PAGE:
Augmented Reality (AR) in Manufacturing Market – Forecast Covering Growth, Opportunities & Development Strategies Upto 2025

Press Release

Augmented reality (AR) is a term used to identify a set of technologies that allow the view of the real world environment to be augmented or enhanced by computer-generated elements or objects. The visual perception of elements in the physical environment is enhanced through the use of computing devices. An emerging area of AR applications is the manufacturing industry, which is concerned with the process of transforming raw materials into finished goods with added value. Manufacturing companies need real-time information exchanges at various stages of the product lifecycle such as design, prototyping, production, assembly, maintenance/repair, etc. This is due to rapid globalization and increase in the complexity of internal processes and supply chains. In this scenario, AR can be of great help because of its capability to simulate, assist, and improve the processes before they are carried out. The customers of manufacturing and industrial enterprises are open to utilizing augmented reality (AR) value-add services to reduce downtime and further streamline their operations.

Manufacturing enterprises are using augmented reality in various applications. The technology is being used in assistive systems that provide complex assembly instructions using head-mounted displays (HMDs). Augmented reality is also used in the training and development of workers to address an acute skill gap by proving expert assistance and support in manufacturing operations through telepresence solutions. Moreover, the technology is used in safety inspection and error detection and comprehensive quality assurance checks. For instance, AR is used in Porshe’s quality assurance processes for its car manufacturing plant. AR can be used in quality assurance in order to perform real-time analysis of parts and assembled components, leading to the possibility of the automation of QA processes.

The augmented reality in the manufacturing market is primarily driven by an increase in the development and adoption of AR capable wearables and systems such as Microsoft’s Hololens and the Oculus Rift. These products are capable of running on portable general purpose devices such as tablets or smartphones and dedicated hardware such as smart glasses and head mounted displays.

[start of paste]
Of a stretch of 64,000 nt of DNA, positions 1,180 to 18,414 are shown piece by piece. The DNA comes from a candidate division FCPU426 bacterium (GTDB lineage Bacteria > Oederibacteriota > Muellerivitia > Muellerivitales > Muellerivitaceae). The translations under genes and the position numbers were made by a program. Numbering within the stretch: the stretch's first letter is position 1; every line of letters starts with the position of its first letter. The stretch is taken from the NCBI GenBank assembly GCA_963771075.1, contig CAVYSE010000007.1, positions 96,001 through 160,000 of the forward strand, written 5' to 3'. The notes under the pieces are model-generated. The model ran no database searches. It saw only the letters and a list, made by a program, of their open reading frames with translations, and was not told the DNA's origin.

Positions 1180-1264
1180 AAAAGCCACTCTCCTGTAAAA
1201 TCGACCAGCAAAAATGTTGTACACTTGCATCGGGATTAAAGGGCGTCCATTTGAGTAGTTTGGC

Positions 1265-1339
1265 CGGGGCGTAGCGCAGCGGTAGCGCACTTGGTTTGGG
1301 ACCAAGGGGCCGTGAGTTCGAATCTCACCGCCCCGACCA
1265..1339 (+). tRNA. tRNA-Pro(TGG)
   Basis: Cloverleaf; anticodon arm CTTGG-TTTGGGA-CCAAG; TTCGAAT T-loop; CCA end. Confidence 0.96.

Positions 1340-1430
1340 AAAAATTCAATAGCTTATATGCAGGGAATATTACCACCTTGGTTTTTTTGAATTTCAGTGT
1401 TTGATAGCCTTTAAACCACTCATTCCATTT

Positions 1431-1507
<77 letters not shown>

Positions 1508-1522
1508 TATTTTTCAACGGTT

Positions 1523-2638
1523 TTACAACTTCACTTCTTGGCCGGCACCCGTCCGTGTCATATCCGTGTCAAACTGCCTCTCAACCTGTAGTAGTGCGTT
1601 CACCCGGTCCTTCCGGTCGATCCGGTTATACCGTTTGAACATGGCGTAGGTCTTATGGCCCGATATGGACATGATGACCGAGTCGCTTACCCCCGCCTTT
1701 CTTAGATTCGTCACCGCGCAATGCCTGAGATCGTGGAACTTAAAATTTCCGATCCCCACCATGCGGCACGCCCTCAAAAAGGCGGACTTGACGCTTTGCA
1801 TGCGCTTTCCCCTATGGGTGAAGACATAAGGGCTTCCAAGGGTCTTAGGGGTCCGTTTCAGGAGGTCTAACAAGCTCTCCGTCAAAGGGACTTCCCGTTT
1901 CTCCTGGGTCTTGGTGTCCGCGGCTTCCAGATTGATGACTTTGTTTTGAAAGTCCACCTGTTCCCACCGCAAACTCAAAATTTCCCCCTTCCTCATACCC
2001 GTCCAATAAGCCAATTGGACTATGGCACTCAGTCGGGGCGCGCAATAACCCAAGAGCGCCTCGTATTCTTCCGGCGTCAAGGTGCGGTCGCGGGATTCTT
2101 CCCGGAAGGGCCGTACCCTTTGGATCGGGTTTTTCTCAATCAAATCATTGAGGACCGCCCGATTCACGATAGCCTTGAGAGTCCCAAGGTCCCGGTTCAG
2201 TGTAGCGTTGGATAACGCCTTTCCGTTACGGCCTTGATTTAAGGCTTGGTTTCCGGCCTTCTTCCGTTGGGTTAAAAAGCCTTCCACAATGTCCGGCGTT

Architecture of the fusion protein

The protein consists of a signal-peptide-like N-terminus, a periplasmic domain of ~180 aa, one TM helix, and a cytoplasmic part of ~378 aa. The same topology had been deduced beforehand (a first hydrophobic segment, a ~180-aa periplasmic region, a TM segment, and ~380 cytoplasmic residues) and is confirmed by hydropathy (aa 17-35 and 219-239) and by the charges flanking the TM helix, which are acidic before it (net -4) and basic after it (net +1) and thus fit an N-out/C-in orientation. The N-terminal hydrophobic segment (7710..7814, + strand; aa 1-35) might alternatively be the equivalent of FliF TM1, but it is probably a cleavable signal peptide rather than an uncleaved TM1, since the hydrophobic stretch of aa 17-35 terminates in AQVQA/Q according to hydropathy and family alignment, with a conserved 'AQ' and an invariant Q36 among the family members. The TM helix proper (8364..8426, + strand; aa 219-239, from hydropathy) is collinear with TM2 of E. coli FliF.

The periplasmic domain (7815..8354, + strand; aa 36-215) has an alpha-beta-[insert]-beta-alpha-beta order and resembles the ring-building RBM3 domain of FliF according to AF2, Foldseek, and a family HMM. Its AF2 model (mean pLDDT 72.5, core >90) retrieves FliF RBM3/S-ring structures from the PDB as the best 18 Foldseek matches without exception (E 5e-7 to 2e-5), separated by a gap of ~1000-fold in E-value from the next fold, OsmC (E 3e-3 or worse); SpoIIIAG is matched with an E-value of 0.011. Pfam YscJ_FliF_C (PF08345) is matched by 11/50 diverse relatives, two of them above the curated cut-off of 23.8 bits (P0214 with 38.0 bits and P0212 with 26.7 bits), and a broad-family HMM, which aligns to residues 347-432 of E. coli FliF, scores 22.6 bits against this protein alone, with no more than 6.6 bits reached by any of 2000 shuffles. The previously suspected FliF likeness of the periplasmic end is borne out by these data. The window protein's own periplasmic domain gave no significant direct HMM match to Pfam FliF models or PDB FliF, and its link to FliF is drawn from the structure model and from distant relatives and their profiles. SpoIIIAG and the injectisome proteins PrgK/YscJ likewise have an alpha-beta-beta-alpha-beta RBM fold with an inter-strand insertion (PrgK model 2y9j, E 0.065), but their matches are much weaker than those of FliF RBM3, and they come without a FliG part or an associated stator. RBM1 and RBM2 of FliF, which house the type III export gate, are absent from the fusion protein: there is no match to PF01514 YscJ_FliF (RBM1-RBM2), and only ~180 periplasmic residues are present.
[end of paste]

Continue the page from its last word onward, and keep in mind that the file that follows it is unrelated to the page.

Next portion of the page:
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Augment reality devices have been known to be used in the manufacturing processes of major players such as Boeing. Companies use AR technology for improving their wire assembly process with AR headsets, which allow employees to issue voice commands conveniently and view information quickly. Using AR devices has reduced Boeing’s wire assembly process time by 25% and has lowered errors to nearly 0%. Ford notably has used the Microsoft HoloLens AR headset in order to overhaul its design process, which has allowed the company’s designers to be more creative, collaborate better, improve decision making, as well as work quicker.

The application of augmented reality devices in the manufacturing sector has faced certain bottlenecks such as complexity in the development of AR algorithms, portability issues due to the size of devices, limited computing capacities of devices, power requirements, and the deployment of hardware on a large scale. The reduced portability of AR devices raise concerns over the long-term use of such devices, which have been reported to cause stress and strain to users. These factors are likely to restrain the market.

The augmented reality in the manufacturing market can be segmented based on component, application, and region. Based on component, the market can be classified into hardware and software. The hardware segment can be further divided into smart glasses and head mounted displays (HMDs). The software segment can be divided into AR development toolkits and AR content management systems. In terms of application, the market can be segmented into product design, product assembly, training & development, inspections and quality control (QC). The product assembly segment can be further categorized into assembly planning, assembly training, and assembly simulation. The inspections segment can be further categorized into facility inspection and process inspection.